Ground Defense System Market 2027 | Major Key Players are Boeing Company, BAE Systems, Lockheed Martin, Rockwell Collins

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Ground Defense System Market Size – USD 46.57 billion in 2019, Market Growth – CAGR of 4.8%

VANCOUER, BC, CANADA, December 7, 2021 / — The Global Ground Defense System Market is forecasted to be worth USD 68.28 billion by 2027, according to a current analysis by Emergen Research. The key factors influencing the market include increasing usage of battlefield intelligence, rising demand for cyber security in military & defense intelligence involving the data breaches from the confidential governing bodies, rising threats & tensions in asymmetric warfare, and growing investment in the defense bodies & foreign intelligence platforms, among others.

The global market landscape of Ground Defense System is expected to remain in a very competitive and highly fragmented landscape consisting of a number of both the small start-ups, medium enterprises, and large conglomerates. During the projected era, increasing demand for technological development and higher diversification in offered products ensure the enormous potential for the innovative players.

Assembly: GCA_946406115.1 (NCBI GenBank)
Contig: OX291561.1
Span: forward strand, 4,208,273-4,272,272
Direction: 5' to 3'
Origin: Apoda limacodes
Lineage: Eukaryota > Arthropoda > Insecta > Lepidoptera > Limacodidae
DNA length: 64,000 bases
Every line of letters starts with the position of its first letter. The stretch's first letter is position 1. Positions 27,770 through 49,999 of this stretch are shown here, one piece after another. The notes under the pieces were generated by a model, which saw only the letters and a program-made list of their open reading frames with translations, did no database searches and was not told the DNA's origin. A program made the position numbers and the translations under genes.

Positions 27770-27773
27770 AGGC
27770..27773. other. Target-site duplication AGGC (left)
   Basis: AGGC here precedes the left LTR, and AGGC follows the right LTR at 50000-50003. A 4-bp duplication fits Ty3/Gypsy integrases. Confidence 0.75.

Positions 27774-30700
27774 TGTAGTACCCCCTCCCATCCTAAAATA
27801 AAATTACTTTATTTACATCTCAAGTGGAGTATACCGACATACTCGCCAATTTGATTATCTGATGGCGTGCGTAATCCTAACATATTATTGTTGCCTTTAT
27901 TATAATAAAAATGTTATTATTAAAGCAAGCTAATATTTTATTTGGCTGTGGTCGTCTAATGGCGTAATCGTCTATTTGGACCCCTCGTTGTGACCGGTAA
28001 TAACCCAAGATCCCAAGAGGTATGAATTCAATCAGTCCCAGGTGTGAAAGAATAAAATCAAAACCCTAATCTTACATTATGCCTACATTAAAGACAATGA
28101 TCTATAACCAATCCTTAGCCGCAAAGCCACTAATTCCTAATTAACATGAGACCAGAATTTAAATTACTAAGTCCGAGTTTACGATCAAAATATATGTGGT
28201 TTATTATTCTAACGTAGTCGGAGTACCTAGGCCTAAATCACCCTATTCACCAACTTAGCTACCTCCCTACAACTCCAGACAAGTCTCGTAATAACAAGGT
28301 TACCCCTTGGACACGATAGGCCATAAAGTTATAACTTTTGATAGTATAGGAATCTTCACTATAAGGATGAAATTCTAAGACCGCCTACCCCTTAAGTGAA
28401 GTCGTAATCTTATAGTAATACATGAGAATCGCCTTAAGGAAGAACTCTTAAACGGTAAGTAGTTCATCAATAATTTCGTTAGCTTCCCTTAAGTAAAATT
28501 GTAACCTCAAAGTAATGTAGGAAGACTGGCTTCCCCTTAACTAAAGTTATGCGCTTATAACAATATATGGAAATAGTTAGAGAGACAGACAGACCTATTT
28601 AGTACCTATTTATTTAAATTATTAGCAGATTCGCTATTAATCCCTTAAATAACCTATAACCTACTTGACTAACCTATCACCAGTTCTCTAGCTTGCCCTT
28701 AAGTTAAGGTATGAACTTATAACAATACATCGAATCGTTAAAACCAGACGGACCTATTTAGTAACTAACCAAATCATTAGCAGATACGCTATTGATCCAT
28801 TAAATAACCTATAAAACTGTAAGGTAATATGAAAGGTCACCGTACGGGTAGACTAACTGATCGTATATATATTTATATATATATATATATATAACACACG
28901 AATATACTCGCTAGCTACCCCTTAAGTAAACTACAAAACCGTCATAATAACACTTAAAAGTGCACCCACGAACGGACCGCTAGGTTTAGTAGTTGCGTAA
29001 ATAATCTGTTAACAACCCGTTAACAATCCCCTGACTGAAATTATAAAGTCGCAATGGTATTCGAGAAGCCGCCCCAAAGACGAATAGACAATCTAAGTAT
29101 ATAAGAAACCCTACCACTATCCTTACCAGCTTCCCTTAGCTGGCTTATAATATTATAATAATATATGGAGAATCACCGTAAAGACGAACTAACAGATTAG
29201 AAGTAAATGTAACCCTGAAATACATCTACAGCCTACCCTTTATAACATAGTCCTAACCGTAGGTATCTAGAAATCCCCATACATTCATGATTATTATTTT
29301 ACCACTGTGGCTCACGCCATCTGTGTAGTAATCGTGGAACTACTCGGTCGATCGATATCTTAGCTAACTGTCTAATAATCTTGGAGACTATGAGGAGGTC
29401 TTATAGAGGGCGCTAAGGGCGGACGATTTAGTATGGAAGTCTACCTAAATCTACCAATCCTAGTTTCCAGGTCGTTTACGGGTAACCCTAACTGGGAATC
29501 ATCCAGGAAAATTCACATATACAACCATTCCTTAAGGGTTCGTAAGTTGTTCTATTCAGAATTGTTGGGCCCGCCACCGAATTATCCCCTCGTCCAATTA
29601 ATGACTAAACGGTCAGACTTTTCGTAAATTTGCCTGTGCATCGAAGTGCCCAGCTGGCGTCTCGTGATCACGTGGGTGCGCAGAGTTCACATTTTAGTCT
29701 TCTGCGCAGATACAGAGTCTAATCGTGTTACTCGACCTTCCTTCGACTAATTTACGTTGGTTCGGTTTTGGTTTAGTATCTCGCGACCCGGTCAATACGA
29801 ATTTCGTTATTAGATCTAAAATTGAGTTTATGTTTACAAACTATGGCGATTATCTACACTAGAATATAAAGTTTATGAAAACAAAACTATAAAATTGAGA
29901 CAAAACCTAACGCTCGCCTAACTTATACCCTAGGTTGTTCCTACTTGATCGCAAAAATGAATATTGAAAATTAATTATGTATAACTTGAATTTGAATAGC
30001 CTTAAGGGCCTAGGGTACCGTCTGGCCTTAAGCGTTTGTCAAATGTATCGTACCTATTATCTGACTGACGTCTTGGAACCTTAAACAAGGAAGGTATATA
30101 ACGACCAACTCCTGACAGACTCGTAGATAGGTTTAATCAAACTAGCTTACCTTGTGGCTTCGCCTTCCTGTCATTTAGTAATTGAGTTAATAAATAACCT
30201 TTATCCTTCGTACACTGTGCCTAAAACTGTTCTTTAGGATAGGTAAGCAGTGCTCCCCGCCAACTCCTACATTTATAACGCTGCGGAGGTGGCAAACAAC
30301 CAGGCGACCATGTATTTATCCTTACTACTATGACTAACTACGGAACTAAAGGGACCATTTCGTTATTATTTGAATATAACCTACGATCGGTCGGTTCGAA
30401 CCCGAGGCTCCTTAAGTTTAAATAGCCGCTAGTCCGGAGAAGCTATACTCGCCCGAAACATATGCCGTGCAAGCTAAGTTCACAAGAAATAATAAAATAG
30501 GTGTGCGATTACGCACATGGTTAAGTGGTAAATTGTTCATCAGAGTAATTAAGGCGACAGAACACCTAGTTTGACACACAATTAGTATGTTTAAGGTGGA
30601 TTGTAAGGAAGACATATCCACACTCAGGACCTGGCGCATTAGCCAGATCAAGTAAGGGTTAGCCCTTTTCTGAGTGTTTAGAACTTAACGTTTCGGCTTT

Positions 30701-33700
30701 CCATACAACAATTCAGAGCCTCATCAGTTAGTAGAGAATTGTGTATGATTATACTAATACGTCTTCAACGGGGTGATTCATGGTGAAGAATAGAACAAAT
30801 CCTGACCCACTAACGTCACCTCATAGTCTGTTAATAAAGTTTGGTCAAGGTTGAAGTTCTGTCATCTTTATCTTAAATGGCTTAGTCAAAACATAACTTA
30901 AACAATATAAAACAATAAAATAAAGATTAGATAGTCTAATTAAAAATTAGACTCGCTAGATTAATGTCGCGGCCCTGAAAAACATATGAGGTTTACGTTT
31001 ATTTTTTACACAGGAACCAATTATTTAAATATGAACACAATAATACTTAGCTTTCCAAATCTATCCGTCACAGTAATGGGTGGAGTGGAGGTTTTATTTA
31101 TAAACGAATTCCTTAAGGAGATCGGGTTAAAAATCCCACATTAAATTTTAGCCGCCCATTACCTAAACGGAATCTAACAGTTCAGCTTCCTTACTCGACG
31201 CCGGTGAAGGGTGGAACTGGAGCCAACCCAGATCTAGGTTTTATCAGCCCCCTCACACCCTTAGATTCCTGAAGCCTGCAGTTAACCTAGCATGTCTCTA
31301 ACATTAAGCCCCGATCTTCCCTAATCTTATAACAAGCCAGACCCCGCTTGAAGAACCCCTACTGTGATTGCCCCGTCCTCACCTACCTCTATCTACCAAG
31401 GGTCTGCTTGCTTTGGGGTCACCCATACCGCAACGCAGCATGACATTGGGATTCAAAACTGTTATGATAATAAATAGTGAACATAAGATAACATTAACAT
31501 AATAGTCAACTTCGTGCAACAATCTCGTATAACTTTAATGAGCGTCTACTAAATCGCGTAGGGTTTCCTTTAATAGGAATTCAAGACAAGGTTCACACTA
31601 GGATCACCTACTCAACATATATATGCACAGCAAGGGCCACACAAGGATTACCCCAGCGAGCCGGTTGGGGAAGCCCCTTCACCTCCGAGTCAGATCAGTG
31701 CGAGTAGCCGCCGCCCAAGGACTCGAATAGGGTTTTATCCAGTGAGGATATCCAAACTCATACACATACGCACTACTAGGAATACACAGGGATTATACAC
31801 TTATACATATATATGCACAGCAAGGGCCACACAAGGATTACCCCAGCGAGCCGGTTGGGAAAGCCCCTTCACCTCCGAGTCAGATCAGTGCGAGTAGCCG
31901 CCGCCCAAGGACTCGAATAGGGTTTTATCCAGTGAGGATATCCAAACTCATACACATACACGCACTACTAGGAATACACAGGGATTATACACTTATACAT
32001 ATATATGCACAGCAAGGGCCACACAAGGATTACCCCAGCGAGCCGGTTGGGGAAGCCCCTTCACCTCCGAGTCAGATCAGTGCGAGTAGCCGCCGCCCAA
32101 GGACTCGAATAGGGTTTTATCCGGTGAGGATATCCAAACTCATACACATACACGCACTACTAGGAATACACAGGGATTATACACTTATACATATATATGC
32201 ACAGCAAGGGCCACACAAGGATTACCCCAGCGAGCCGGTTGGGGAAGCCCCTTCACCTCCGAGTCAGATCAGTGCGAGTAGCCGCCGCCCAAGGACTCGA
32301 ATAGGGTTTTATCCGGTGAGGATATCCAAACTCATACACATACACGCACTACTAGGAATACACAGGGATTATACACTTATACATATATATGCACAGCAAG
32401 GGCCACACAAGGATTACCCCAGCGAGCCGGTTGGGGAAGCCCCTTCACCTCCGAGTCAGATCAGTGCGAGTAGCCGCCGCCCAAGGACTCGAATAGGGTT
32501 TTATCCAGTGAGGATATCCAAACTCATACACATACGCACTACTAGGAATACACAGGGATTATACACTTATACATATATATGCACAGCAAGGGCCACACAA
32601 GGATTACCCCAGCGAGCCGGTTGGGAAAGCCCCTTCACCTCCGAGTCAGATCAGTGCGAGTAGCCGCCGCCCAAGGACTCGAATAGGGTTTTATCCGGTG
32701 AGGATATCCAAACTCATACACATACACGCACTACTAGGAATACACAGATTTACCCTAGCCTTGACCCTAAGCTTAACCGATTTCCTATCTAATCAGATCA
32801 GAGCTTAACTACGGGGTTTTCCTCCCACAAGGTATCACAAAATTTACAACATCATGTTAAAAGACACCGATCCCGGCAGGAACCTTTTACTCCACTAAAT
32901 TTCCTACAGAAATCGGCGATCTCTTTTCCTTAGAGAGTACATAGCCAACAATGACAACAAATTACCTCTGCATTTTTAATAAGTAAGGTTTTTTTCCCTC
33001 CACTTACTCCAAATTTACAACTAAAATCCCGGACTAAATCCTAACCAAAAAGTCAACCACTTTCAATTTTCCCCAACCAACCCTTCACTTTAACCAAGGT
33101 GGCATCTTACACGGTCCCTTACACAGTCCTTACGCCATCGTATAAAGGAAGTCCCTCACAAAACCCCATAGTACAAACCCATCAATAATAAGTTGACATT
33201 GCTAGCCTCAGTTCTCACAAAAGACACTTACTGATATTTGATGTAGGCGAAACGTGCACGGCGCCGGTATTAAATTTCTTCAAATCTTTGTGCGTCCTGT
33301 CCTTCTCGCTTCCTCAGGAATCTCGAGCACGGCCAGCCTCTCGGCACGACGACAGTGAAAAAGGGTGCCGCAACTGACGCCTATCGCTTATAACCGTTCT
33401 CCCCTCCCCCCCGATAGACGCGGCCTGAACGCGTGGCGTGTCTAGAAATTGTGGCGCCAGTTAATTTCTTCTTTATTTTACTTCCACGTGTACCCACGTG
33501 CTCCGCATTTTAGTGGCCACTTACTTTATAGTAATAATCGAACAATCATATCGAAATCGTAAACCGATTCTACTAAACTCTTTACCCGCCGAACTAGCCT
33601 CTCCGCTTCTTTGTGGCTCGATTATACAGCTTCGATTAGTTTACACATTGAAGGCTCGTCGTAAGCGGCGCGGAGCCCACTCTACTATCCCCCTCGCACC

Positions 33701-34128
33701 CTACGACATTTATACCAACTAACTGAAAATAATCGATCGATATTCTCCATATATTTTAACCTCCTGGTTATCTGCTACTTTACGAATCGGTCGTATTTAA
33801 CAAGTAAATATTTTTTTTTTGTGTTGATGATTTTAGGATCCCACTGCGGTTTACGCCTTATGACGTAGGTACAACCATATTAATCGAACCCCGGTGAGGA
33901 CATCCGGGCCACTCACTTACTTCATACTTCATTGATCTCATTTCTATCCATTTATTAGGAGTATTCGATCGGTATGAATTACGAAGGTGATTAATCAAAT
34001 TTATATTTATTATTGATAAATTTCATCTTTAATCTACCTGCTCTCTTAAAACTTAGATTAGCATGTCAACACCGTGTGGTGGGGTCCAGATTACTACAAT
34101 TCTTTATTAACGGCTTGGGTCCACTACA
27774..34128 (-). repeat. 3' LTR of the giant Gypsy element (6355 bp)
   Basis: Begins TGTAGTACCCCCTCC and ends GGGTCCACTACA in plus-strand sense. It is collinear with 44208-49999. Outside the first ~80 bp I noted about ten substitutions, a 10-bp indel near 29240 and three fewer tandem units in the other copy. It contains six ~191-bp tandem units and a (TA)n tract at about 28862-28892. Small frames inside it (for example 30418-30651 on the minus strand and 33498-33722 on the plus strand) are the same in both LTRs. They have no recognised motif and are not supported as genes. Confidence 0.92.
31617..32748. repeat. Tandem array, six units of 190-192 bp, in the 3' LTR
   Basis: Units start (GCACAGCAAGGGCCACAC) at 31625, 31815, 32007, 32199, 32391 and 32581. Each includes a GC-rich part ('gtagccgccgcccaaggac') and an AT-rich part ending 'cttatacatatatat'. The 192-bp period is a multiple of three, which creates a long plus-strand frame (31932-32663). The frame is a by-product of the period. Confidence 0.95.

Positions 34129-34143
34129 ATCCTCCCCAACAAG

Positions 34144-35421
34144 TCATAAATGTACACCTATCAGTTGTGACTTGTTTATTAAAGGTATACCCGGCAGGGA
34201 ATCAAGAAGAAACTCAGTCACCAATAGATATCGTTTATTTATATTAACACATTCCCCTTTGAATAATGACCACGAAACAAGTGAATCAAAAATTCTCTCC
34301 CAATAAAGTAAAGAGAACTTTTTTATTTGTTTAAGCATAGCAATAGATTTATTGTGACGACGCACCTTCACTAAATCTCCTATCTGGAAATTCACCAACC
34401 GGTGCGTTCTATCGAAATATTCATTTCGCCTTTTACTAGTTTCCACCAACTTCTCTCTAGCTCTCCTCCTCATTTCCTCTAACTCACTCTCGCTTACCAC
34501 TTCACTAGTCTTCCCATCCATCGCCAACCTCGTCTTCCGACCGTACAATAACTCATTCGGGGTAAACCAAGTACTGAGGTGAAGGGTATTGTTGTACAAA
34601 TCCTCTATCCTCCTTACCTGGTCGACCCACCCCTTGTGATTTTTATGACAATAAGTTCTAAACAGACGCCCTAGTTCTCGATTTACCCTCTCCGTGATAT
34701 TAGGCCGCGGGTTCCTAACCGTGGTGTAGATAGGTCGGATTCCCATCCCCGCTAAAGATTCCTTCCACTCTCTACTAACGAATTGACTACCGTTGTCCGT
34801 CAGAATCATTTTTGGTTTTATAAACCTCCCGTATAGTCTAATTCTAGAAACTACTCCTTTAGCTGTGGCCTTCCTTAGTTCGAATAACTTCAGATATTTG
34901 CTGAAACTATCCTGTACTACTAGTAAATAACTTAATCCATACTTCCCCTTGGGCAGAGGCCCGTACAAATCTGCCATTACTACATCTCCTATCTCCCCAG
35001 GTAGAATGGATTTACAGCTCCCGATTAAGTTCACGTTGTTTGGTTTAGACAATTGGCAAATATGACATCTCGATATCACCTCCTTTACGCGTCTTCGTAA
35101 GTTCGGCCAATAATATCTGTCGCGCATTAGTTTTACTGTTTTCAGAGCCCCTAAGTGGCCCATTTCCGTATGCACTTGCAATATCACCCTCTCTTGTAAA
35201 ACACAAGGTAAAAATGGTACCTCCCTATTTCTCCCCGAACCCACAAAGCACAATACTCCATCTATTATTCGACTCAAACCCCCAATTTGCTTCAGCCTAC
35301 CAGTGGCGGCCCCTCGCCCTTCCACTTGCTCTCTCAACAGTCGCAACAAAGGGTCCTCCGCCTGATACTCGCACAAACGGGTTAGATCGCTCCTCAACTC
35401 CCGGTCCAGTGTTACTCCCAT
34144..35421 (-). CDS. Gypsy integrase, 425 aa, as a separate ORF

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The latest research report specializes in the in-depth analysis of the macroeconomic and microeconomic factors affecting the global Ground Defense System Market development. The report also concentrates on the regulatory framework that is shaping the future of the global . New and existing pricing structures, emerging application areas, and upcoming investment opportunities have also been detailed in the report. The report further studies the projected growth factors that are expected to influence the market dynamics over the forecast timeframe.

Research Methodology

The Ground Defense System Market report is created using primary and secondary research. Primary research involves collection of first-hand information from the industry players by our team. Secondary research involves collection of information from various paid…


Hackers increasingly target Canada key infrastructure: Spy agency | Cybersecurity News

Agency reports 235 ransomware attacks on Canadian targets this year, half of which were key infrastructure providers.

Global ransomware attacks increased by 151 percent in the first half of 2021 compared with 2020, Canada’s signals intelligence agency has reported, as hackers become increasingly brazen.

Key Canadian infrastructure has regularly been targeted in ransomware attacks in which hackers essentially hold computer information hostage until they are paid, the Communications Security Establishment (CSE) said in a report published on Monday.

The agency said it knew of 235 ransomware incidents against Canadian targets from January 1 to November 16 of this year. More than half were critical infrastructure providers, including hospitals.